To run a successful business, getting your finances organized is absolutely essential, not least when preparing for year-end. By keeping track of your profits and losses, you’ll be able to meet your legal responsibilities and ensure every required statement is in the right place.
But, unless you’re clued up about accounting systems and tax forms, getting your finances in order is no mean feat. With this in mind, here’s a quick guide on the steps you need to take when closing out your books for the end of the fiscal year.
- Review profit and loss statements – Profit and loss statements give you a snapshot of your financial performance, covering everything from revenue to expenses. You may find that money is available to make large purchases before the end of the year, which allows for depreciation.
- Verify vendor and lender files – Take the time to review paperwork relating to your vendors, which includes current outstanding loans. Double check all of your vendor 1099 forms are also up-to-date and accurate, especially if they have been inputted into your accounting system.
- Conduct an inventory assessment – Even if you don’t sell products, an inventory assessment can cover office equipment and supplies. Figure out how much capital you have wrapped up in current inventory, make adjustments for anything that’s broken or requires repair, and address the terms of leasing contracts.
- Report benefits of outgoing W-2s – Benefits relate to the organization as a whole and can include things like health insurance, transportation subsidies, and education reimbursement programs.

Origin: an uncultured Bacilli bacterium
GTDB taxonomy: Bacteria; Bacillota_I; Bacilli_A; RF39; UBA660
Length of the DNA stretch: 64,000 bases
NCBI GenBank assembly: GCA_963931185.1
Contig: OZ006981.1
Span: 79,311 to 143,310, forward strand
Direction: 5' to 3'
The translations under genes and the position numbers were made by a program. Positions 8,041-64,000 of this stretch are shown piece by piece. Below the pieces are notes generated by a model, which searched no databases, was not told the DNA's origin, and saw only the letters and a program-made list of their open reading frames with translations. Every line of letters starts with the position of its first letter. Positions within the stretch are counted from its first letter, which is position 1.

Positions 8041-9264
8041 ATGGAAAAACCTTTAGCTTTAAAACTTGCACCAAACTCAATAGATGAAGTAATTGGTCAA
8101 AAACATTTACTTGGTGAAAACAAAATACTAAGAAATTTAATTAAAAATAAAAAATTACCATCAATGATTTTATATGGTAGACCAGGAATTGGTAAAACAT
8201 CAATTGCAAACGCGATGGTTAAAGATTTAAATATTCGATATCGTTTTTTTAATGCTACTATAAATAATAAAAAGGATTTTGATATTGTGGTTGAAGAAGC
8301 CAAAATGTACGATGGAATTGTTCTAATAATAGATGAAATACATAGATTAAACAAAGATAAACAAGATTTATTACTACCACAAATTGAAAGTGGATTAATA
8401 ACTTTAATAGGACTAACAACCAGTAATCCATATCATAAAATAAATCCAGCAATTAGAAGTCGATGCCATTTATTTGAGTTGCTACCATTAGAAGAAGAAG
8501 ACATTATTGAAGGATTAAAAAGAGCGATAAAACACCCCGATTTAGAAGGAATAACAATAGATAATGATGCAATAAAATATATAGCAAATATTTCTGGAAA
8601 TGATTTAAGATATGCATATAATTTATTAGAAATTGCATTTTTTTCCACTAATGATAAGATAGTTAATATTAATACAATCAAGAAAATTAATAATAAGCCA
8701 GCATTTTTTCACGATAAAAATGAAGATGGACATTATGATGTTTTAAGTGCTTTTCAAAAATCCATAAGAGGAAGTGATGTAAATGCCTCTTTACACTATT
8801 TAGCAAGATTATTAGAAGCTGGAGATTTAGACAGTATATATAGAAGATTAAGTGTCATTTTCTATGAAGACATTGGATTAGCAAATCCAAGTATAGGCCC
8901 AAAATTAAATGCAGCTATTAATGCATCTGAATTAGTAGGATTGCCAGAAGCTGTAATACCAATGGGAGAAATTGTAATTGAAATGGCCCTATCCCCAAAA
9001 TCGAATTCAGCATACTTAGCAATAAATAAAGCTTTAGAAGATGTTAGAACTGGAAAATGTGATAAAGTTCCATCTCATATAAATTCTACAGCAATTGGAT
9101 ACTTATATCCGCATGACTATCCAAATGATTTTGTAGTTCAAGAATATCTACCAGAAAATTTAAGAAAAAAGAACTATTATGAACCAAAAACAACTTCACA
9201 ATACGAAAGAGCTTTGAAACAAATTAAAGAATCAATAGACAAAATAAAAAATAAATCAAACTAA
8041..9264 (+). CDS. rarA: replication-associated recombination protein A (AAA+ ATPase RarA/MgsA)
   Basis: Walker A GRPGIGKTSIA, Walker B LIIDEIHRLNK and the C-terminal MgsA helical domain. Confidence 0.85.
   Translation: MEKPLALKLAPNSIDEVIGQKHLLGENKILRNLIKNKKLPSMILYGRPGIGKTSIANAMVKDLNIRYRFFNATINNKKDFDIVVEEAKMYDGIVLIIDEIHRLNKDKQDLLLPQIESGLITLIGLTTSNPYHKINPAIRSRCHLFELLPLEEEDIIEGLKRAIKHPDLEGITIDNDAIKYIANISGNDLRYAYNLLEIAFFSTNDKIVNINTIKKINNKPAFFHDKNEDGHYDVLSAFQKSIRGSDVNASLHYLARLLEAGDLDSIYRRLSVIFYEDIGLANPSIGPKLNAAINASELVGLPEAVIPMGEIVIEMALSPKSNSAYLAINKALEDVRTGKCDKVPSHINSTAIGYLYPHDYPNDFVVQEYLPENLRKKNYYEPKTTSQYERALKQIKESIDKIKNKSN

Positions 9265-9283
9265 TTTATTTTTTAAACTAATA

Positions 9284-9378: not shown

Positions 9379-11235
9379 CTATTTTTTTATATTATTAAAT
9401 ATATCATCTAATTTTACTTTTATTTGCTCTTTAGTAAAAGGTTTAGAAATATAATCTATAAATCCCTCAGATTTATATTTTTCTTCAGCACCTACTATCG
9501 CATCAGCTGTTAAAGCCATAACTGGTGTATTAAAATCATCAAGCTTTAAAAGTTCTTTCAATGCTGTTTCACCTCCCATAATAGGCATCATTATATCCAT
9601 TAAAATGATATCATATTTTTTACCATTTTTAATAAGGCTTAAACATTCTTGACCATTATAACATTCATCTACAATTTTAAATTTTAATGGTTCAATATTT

- Create a budget for next year – Reviewing statements from the current year will better inform your budget for the following year. Try to identify patterns with expenditures and use this information to focus your efforts on key areas moving forward.
- Print end-of-year statements – It’s often helpful to print out your profit and loss statements as well as your balance sheet to maintain a physical record of financial performance.
- Make depreciation entries – Depreciation decreases the amount of taxable income you must report on your taxes. You may need the help of an accountant for this, but assets must be wholly owned by the company, used to produce income, have a determinable lifespan, and last more than one year.
- Reconcile your accounts – Go through your credit and bank accounts, reconcile all charges and payments, then make sure they match your records. Investigate any unexplained discrepancies you come across.
- Print and mail tax forms – You must print and mail certain forms by a certain time if your fiscal year coincides with the calendar year. Even so, some deadlines may still apply for 1099s, 1096, and payroll forms. Ask your accountant for assistance if required.
Getting your finances in order for year-end can feel overwhelming, particularly for small businesses with limited staffing and skillsets. However, the easiest way to complete this responsibility is through extensive planning and preparation. Get the above steps covered and things will run smoothly.